It isn’t in the print edition of Realtor Magazine, but a June 8 article on its website is titled, “The Future Is Now: Home Electrification.”
Regular readers of this column know that home electrification has been “now” for many years here at Golden Real Estate. At the Net Zero Store in our former building at 17695 S. Golden Road, Helio Home Inc. is busier than ever responding to people who want to replace their gas forced air furnaces with heat pump units and their gas water heaters with heat pump water heaters. (You can reach the Helio Home sales team at 720-460-1260.)
The primary focus of the Realtor Magazine article is on the need for home builders to include a larger electrical service as fossil fuels are phased out. Number one, it said, was to accommodate an electric car, since the major car manufacturers are committed to going all-electric or mostly so by 2030.
The article promotes the idea of installing solar photovoltaic (PV) systems to generate electricity for your home and car. With such a system, the author of the article correctly points out that the electrical grid can function as your home battery (thanks to net metering), but seems not to understand how it really works. He states that the utility will buy your excess solar generation but you might have to buy electricity for your car on a cloudy day. In fact, net metering allows you to send surplus electricity to the grid when you don’t need it, but you get it back at full value when needed. Everyone with a solar PV system should take advantage of the “roll-over” option allowing you to be credited for that surplus production long-term rather than get a check each January for the previous year’s over-production.
When the utility pays you for your surplus production, it does so at its cost of generating electricity — a couple cents per kilowatt-hour. But if you use your surplus electricity, you save the full retail rate (over 10¢ per kilowatt-hour) versus purchasing those kilowatt-hours from the utility.
Not understanding that process, the author promotes the idea of a home battery system, but, as I wrote before, that only needs to be considered if you have medical equipment which must run during a blackout.
The author promotes the installation of a 240V car charging station, suggesting that this could require a larger electrical panel in older homes. I disagree. The Level 2 charging station only draws the same electricity as your electric clothes dryer. If your panel can’t accommodate a dedicated circuit for the car, you could use the same one as the clothes dryer and not use both appliances at the same time. (I recognize that this is not what the code dictates, but it’s still safe if you have a 40-amp breaker on that circuit, because if you do run the dryer and the car charger at the same time, it would trip the breaker.)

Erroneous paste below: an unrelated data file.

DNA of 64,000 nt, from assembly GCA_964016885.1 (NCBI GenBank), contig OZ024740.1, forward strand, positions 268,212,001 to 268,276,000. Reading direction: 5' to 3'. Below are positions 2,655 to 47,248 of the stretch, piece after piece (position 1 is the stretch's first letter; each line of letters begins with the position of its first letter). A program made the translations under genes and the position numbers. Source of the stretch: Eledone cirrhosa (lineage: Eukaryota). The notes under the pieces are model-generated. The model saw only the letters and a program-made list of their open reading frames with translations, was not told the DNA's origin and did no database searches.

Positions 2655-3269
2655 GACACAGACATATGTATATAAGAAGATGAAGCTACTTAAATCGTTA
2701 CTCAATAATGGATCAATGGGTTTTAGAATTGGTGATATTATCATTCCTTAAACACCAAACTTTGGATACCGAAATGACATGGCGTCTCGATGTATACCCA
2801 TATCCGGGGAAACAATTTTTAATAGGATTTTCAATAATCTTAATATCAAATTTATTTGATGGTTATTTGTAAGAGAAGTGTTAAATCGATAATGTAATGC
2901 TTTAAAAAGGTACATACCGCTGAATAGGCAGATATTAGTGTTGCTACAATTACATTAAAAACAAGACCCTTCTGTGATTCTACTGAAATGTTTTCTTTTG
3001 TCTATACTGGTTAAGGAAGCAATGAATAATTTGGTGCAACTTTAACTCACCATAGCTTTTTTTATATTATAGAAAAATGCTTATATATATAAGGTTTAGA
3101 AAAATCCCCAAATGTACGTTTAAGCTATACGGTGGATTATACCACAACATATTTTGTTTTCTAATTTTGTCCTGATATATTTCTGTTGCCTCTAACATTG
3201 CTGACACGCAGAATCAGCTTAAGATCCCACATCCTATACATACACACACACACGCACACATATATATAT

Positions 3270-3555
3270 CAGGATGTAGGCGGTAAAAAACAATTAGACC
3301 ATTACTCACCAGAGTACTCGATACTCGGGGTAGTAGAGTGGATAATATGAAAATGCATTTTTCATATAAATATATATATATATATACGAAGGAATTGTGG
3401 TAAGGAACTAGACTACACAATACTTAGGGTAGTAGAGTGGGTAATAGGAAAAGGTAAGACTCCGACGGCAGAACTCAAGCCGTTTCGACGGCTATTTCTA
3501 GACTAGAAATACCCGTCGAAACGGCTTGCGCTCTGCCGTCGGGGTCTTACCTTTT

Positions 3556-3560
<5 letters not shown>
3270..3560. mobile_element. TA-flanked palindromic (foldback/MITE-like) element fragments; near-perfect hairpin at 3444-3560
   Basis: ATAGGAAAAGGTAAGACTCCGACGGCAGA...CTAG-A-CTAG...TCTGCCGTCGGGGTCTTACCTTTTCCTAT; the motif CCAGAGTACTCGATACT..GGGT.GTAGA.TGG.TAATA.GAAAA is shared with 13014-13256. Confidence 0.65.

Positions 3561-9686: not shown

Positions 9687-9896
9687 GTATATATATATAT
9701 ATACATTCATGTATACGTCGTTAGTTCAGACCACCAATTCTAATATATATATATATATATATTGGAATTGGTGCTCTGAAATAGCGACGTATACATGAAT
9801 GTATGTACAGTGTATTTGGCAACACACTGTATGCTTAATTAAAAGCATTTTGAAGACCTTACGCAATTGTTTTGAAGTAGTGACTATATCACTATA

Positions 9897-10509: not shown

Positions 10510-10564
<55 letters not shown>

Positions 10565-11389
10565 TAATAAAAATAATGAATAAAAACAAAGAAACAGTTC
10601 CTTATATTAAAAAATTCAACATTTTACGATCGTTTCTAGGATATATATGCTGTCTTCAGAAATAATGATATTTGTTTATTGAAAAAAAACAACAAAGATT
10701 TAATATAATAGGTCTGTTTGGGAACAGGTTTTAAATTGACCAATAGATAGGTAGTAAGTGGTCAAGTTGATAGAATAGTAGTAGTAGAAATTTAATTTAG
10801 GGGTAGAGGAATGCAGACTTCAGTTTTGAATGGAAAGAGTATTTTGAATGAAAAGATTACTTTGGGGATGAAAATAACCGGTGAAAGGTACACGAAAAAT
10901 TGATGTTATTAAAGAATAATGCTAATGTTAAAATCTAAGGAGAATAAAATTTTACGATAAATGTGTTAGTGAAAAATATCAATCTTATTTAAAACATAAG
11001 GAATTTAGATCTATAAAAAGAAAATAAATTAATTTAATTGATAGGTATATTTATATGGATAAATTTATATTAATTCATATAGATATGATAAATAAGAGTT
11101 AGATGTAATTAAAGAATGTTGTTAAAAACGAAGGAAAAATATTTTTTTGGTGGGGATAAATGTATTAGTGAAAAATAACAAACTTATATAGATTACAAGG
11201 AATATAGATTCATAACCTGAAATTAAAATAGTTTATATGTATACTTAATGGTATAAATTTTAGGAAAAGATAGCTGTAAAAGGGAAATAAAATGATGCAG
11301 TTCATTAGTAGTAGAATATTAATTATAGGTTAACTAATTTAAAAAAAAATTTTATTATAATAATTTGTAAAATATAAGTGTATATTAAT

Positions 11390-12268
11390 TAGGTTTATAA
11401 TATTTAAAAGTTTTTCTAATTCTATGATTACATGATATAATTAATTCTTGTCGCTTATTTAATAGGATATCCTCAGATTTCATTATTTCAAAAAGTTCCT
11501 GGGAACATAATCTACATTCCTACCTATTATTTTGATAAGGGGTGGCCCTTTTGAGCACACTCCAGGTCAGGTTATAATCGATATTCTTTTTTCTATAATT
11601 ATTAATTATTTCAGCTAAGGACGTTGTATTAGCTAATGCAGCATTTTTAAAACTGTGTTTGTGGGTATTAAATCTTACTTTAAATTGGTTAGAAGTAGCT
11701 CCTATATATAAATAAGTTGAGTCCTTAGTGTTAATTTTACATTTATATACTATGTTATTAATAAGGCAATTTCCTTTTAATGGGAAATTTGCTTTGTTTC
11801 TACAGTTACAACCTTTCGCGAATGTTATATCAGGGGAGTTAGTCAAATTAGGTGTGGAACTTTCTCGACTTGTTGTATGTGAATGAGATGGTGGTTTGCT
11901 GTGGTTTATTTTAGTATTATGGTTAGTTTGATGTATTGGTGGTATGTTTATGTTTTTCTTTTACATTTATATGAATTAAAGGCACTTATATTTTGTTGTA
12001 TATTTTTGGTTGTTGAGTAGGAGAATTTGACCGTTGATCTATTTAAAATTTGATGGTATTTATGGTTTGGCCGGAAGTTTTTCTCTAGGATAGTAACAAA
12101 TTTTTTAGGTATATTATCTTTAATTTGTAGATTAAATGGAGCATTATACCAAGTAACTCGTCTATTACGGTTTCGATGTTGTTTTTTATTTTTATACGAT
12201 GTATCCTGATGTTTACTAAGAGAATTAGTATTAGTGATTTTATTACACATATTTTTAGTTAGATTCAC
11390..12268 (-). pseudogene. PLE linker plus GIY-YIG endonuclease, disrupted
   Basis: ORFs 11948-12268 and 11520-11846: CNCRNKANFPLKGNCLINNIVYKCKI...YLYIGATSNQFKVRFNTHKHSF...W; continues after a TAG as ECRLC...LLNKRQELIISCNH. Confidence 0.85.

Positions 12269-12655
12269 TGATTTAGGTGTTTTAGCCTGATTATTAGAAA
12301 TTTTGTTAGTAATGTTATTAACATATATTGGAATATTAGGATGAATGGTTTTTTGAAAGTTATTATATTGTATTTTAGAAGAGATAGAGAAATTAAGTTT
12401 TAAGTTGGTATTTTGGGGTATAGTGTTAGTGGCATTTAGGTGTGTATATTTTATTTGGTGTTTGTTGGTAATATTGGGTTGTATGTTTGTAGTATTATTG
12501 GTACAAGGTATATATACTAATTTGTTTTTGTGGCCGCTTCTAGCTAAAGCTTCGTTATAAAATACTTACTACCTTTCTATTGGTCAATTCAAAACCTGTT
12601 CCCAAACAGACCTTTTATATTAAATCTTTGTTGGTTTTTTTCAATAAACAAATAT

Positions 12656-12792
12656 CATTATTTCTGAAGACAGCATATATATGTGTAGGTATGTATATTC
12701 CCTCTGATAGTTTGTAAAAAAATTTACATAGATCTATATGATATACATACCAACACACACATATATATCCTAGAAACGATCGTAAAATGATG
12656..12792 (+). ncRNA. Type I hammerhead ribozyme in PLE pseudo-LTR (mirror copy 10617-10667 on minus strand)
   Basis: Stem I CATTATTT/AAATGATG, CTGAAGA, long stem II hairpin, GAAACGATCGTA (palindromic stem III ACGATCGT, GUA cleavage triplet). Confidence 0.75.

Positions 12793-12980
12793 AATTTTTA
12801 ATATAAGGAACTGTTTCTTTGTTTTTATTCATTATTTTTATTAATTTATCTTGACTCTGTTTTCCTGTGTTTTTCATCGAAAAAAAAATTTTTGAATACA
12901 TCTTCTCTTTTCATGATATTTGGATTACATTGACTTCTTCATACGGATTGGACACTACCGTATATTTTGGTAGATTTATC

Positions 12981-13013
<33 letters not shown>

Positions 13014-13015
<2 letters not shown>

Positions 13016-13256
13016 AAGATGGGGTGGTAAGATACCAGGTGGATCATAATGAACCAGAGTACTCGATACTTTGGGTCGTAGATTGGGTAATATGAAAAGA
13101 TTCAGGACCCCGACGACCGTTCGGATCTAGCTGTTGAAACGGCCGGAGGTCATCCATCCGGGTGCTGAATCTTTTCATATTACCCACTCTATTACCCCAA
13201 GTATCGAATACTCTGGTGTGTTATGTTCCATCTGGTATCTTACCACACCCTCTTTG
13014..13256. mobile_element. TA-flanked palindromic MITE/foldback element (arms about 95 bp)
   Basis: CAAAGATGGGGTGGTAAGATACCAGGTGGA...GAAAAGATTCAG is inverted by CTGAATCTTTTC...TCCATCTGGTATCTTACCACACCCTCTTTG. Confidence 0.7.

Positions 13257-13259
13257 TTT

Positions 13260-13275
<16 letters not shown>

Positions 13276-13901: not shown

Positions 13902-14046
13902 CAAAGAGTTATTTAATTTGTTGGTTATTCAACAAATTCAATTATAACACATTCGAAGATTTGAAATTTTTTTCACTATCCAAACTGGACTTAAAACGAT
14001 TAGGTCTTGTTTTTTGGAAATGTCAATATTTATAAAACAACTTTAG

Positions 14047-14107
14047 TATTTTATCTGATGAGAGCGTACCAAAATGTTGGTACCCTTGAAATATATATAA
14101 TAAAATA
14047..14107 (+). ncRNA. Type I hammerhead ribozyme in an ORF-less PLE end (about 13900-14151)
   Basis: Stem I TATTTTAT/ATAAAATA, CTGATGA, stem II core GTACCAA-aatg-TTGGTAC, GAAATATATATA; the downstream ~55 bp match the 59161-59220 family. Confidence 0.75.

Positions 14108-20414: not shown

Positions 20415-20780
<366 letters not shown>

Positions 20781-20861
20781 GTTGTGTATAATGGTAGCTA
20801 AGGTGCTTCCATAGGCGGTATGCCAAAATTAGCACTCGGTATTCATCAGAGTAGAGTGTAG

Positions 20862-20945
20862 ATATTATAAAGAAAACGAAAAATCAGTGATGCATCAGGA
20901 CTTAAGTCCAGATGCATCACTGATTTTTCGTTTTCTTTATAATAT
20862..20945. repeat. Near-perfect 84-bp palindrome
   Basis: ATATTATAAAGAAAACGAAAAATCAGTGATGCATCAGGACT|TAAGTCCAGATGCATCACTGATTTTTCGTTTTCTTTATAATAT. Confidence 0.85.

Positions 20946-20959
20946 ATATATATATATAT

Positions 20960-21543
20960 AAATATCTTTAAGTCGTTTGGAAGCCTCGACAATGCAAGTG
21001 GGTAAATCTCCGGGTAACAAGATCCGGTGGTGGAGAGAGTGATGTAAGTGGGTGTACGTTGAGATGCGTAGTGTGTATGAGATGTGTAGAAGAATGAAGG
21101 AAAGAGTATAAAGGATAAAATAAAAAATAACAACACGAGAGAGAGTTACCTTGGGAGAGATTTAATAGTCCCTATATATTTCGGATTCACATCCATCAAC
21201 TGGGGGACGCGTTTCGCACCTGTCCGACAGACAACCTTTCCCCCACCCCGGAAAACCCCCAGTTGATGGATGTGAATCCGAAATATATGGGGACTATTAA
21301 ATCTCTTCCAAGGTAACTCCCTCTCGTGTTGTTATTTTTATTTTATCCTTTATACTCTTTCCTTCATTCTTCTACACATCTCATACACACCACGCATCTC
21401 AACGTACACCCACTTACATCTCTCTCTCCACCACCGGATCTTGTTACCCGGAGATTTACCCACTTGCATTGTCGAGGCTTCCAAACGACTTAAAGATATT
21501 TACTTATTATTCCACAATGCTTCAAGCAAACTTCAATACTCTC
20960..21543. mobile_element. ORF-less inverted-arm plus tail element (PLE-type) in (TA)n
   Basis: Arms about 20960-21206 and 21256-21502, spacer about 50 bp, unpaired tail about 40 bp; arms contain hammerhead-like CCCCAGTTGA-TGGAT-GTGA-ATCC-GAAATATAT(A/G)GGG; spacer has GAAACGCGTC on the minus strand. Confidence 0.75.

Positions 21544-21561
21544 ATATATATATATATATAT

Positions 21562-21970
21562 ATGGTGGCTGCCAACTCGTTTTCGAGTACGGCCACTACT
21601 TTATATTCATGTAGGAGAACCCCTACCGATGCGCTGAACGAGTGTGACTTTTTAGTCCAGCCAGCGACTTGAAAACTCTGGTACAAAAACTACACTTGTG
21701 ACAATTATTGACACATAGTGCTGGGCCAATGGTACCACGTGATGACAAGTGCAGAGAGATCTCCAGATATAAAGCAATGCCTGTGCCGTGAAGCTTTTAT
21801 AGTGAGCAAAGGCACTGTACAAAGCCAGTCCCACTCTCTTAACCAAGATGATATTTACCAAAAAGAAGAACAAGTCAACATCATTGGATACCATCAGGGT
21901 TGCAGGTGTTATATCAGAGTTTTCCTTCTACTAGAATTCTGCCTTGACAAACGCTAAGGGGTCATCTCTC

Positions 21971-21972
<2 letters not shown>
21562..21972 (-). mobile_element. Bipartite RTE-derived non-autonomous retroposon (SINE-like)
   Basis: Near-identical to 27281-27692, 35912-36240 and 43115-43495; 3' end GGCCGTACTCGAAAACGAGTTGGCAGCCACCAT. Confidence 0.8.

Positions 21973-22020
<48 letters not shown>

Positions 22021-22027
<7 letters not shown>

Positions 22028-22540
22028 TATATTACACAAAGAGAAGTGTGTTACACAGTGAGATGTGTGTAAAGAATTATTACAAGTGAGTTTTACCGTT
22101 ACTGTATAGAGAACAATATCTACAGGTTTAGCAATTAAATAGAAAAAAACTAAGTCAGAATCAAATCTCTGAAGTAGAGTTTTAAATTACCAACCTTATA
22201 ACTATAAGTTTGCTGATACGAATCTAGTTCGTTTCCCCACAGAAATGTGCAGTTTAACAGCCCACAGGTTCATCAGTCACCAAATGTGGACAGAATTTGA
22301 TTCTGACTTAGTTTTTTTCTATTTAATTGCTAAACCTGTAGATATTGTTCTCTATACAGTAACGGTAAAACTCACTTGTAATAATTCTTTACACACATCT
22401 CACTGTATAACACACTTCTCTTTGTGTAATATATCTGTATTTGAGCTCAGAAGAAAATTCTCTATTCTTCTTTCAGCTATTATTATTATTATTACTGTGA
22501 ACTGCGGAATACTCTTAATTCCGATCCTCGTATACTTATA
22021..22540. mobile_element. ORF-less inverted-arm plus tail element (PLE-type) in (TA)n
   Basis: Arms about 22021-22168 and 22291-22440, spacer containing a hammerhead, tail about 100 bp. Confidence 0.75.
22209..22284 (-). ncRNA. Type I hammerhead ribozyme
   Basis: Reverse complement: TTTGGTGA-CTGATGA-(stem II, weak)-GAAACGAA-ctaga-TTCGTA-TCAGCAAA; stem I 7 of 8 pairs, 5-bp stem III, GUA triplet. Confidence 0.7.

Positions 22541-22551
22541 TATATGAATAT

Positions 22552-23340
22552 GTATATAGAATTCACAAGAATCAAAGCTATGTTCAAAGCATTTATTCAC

Also, every EV comes with a 120V cord to plug your car into a standard household outlet. Although that only gets you 4 miles of range per hour, that’s still over 50 miles of range overnight, which may suffice, especially if you have other charging options during the day. Downtown Golden, for example, has ten free Level 2 charging stations in its garages and elsewhere.
Of course, there’s more to home electrification than car charging. The article points out that there are now electric outdoor tools—lawn mowers, leaf blowers, snow blowers, chain saws and more—that you can buy online or at Lowes. Ego Power is the biggest brand in this field, and their various tools all use the same interchangeable batteries.
Not mentioned in the article are the biggest consumers of fossil fuels—your gas furnace and water heater. As I said, you can speak to Helio Home about converting gas units to electric heat pump units.
For cooking, I have written in the past about induction electric ranges, and I’m really fond of our electric grill shown here. Lift it off its stand and you can use the grill on your countertop. You can’t do that with a gas grill! And it plugs into a standard 120V patio outlet. We bought ours at Home Depot for $100. Food grilled on it tastes just as good as when cooked on a gas grill.
Can the electrical grid handle the increased use of electricity over fossil fuels, given, for example, that by 2030 over 50% of car sales in America will be all-electric? You may have read warnings that widespread adoption of EVs will overwhelm our electrical transmission systems, but I disagree. Solar panels are being installed just as quickly and perhaps more so, and that electricity is consumed within your neighborhood if not by yourself, reducing the needed distribution from the utility. And, as I said, even with Level 2 charging, an EV only draws the same amount of electricity as a clothes dryer.
Home builders can and should adapt to this trend, and are in fact required to do so in some jurisdictions. Every new home should be solar-ready if not solar-powered, by building chases into the home which could accommodate the electrical lines serving roof-mounted solar panels. Also, garages should be wired with a 240V outlet on their front walls in addition to the usual 120V outlets on three walls.
I was encouraged to see that a new 300-unit apartment complex about to break ground in Lakewood between Colfax and 15th Place and between Owens and Pierson Streets is, according to the plans I saw, going to have over 40 EV parking spaces in its garage.
One of the more interesting flaws in the Realtor Magazine article was the suggestion that home garages should be insulated or even heated to avoid shortening the life of an electric vehicle’s battery. This is a misinterpretation of the fact that EVs lose range in the winter. It’s not that the battery loses power in cold weather, but rather that heating the car’s cabin uses battery power which thereby reduces the car’s range, as does the heating of the battery itself to its optimum operating temperature.